Nick Hill (PhD) has long experience with wetland plants. He is member and scientific adviser of the Recovery Team for the Atlantic Coastal Plain Flora of southwest Nova Scotia. In 2011, The Fern Hill Institute for Plant Conservation took botanical inventory contracts with the Mersey Tobeatic Research Institute and with Nova Scotia Power on lakeshore in southwestern NS. In both cases, a full species list was prepared and the populations of Species at Risk and all rare plants were censused.
The SARA-listed plants of the Tusket River are restricted to about a dozen infertile waterbodies and there are concerns that populations of these rare plants that occur in Canada only in this vicinity, will be lost if the quality of the river water continues to deteriorate. A plan to monitor rare plants and indicators of habitat quality was drawn up in 2011 with the cooperation of Nova Scotia Power Corporation and the Wildlife Division of NSDNR. This program is monitoring the state of habitat on 10 lakes of the Tusket River and will run from 2011 to 2015. The deteriorating water quality may be linked to the many mink ranches situated in the headwaters of the Tusket. The Canadian Botanical Association has designated (2013) the Tusket River as its first national area of Special Conservation Concern. Thank you!
In 2014, Fern Hill was approached by a citizens group to assess the possible impact of a proposed quarry above Middleton (Brooklyn Road) on wetlands. Wetlands in the area and immediately below the proposed impact zone were delineated and described. The basalt to be quarried is relatively porous and water from swamps above the quarry zone on the south-facing slope of the North Mountain and water infiltrating the slope, hits a relatively impenetrable sandstone of the Blomidon formation. These waters come to the surface just below the edge of the proposed quarry at sites of active and historically used springs. The rare plant Carex X knieskernii (hybrid of rare C. castanea and C. arctata) was found here as a first for NS. More than 5 ha of wetland (wet meadows and marshes primarily) stand to be disrupted by such a quarry and Fern Hill reported to the citizens group and the Department (NS Environment) that such a development was counter-indicated.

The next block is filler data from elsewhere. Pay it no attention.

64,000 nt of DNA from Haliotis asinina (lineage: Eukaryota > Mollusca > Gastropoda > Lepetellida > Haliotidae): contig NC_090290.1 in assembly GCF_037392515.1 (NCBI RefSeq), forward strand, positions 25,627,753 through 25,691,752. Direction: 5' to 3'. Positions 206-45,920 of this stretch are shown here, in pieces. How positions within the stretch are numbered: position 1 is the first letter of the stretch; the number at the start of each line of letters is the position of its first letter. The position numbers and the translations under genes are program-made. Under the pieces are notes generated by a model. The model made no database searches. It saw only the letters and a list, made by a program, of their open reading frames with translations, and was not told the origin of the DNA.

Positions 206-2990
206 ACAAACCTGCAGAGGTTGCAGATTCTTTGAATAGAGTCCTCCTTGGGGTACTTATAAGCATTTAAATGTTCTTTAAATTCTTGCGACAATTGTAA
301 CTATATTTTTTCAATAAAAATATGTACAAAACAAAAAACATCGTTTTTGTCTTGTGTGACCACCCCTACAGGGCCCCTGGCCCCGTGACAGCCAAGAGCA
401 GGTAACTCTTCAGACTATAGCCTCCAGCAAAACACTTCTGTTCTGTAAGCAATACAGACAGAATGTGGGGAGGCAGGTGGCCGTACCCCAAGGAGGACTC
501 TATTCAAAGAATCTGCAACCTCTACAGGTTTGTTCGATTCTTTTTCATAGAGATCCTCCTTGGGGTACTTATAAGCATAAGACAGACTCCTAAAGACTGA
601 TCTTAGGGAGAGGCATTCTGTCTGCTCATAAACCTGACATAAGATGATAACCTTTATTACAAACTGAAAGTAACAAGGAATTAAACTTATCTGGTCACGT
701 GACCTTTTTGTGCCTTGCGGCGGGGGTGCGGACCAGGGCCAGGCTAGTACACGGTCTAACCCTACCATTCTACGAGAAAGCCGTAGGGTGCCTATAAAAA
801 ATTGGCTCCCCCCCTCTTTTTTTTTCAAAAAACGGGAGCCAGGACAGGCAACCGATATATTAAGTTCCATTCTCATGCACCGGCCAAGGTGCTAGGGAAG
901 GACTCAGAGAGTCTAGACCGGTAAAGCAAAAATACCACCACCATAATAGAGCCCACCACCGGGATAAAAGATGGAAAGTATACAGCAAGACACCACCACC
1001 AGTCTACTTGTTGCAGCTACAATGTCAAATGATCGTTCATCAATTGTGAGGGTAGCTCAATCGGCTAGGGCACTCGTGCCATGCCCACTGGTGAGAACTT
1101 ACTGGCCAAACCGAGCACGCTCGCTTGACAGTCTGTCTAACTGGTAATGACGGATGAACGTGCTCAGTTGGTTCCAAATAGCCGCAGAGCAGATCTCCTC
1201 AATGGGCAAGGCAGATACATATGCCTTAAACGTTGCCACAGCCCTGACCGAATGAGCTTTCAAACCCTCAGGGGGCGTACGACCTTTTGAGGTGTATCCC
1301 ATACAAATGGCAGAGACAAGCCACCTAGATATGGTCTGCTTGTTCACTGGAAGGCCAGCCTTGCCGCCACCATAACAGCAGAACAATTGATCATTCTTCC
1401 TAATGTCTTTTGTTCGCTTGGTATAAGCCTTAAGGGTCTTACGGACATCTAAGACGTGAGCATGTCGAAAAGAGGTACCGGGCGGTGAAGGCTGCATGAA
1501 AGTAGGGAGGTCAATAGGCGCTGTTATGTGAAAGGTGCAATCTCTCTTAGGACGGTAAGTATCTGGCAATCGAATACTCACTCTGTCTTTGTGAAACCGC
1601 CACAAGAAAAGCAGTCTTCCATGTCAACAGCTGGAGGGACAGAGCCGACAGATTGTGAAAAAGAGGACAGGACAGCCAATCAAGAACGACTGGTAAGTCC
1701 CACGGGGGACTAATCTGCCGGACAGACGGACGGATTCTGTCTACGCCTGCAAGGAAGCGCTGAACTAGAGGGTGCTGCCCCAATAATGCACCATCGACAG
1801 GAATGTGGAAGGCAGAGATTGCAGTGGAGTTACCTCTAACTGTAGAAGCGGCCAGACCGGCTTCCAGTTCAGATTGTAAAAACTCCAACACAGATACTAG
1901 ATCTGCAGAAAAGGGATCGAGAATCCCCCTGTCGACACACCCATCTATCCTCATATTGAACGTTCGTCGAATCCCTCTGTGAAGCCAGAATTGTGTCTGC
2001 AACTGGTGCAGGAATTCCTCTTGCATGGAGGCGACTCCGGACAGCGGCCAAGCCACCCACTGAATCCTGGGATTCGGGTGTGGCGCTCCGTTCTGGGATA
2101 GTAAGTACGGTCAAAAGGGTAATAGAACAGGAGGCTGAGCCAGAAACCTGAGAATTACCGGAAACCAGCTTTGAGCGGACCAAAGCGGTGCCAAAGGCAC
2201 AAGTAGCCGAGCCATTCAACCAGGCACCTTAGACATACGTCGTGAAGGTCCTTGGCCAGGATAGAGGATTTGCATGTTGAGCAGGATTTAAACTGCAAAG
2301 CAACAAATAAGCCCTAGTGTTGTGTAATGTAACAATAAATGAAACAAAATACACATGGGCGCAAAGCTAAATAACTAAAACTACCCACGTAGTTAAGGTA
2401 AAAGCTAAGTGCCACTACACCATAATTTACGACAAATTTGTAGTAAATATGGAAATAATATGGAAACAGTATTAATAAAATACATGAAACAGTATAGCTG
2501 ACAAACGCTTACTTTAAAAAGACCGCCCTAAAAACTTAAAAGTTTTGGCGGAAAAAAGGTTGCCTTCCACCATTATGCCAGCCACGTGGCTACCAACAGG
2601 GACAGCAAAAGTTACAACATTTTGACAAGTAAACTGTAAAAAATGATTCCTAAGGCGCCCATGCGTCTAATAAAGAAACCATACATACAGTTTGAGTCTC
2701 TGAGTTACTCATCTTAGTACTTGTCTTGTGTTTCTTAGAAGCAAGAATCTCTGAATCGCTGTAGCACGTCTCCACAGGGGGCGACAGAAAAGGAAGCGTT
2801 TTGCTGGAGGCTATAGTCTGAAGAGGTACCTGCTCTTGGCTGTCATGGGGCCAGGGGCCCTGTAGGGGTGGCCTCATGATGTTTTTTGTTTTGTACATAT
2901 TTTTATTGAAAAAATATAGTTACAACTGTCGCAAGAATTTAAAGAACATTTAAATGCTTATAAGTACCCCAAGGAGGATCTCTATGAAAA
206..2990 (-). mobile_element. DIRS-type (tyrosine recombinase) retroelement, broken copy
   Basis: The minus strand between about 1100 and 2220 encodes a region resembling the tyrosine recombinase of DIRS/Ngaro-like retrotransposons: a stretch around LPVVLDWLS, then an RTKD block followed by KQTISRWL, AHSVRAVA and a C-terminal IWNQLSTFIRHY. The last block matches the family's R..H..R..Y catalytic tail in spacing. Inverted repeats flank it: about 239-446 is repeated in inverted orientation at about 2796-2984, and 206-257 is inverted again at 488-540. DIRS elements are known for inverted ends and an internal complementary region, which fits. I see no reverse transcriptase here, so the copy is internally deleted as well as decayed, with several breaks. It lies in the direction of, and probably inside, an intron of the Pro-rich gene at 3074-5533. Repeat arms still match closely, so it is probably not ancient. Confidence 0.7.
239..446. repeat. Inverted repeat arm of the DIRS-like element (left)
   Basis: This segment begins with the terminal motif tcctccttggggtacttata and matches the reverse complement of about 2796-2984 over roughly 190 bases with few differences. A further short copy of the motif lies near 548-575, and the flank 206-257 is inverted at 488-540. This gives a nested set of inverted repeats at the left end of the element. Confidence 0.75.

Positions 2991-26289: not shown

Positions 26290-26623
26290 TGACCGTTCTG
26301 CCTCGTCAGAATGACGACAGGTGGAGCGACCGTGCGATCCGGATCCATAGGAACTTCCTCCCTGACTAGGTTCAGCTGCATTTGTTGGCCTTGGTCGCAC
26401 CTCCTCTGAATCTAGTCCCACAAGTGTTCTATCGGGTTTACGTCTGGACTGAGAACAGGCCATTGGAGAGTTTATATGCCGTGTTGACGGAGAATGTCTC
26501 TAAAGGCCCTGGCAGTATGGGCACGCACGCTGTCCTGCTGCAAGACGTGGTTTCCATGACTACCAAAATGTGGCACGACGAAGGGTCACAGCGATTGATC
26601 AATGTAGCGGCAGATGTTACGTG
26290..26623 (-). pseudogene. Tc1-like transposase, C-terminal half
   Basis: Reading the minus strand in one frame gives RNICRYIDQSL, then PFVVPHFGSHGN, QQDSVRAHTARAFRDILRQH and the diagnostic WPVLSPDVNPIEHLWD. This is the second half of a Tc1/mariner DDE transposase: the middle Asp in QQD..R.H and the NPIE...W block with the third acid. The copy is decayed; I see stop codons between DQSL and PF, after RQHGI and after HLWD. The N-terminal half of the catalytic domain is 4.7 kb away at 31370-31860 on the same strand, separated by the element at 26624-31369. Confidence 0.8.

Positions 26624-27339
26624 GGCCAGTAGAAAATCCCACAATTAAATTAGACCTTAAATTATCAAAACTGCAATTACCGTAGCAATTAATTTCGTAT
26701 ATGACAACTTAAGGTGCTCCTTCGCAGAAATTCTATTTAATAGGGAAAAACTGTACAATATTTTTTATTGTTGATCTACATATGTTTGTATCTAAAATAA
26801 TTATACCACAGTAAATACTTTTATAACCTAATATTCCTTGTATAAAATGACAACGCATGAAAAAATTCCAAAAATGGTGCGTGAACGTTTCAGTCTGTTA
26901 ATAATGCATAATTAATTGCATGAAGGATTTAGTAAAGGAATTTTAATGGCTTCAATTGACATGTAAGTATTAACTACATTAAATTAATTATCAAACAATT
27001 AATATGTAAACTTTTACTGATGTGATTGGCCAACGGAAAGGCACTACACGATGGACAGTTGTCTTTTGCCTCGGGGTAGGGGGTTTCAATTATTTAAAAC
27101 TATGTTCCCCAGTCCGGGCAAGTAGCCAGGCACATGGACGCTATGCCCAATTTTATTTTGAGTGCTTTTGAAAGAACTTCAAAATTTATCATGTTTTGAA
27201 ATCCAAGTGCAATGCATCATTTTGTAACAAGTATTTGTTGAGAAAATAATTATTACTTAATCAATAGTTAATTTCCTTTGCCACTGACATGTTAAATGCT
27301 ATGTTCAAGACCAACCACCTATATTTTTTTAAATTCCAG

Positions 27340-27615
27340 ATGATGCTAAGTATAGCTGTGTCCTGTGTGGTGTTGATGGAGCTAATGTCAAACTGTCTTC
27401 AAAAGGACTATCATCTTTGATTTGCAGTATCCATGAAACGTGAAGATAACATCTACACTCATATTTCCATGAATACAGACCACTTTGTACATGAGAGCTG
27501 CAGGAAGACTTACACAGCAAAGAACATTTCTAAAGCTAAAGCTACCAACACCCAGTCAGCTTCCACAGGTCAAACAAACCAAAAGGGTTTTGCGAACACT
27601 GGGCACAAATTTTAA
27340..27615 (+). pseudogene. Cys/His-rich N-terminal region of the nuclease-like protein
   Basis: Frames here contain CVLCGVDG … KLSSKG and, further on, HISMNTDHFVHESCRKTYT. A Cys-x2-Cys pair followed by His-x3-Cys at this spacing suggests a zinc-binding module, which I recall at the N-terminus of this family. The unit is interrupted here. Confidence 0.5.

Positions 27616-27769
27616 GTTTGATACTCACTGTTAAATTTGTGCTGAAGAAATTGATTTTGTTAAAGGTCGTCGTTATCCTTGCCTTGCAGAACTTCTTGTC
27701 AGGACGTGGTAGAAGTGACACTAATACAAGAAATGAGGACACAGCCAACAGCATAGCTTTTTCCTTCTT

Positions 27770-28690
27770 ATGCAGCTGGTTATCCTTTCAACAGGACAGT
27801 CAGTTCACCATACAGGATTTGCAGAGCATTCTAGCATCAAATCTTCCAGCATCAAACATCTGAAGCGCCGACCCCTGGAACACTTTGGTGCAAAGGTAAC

Old Growth Trees
A contract from friends of the Big Five Bridges Wilderness Area was taken to investigate the area for old growth woodland. This work with Dr. David Patriquin (Biol. Dalhousie) found valuable old growth communities: one was dominated by red oak, the other by red spruce. While the old spruce occurred mostly as remnant individuals or clusters in a matrix of younger forest, the oak community had integrity and was found to occur in a predictable way on drumlins. Patriquin and Hill argue that these communities are not simply determined by fire, rather they are in a “proclimax” (equilibrium maintained by constant
disturbance or stress) in response to wind and poor soils: only the oaks can tolerate the desiccating winds at the canopy top and they grow tallest but are always forming valuable deadwood for animals as winds shear the tallest limbs. This work only furthered the determination to designate the area, Wilderness, and this was formalized in 2011.
For more information, please see: http://versicolor.ca/forest/index.html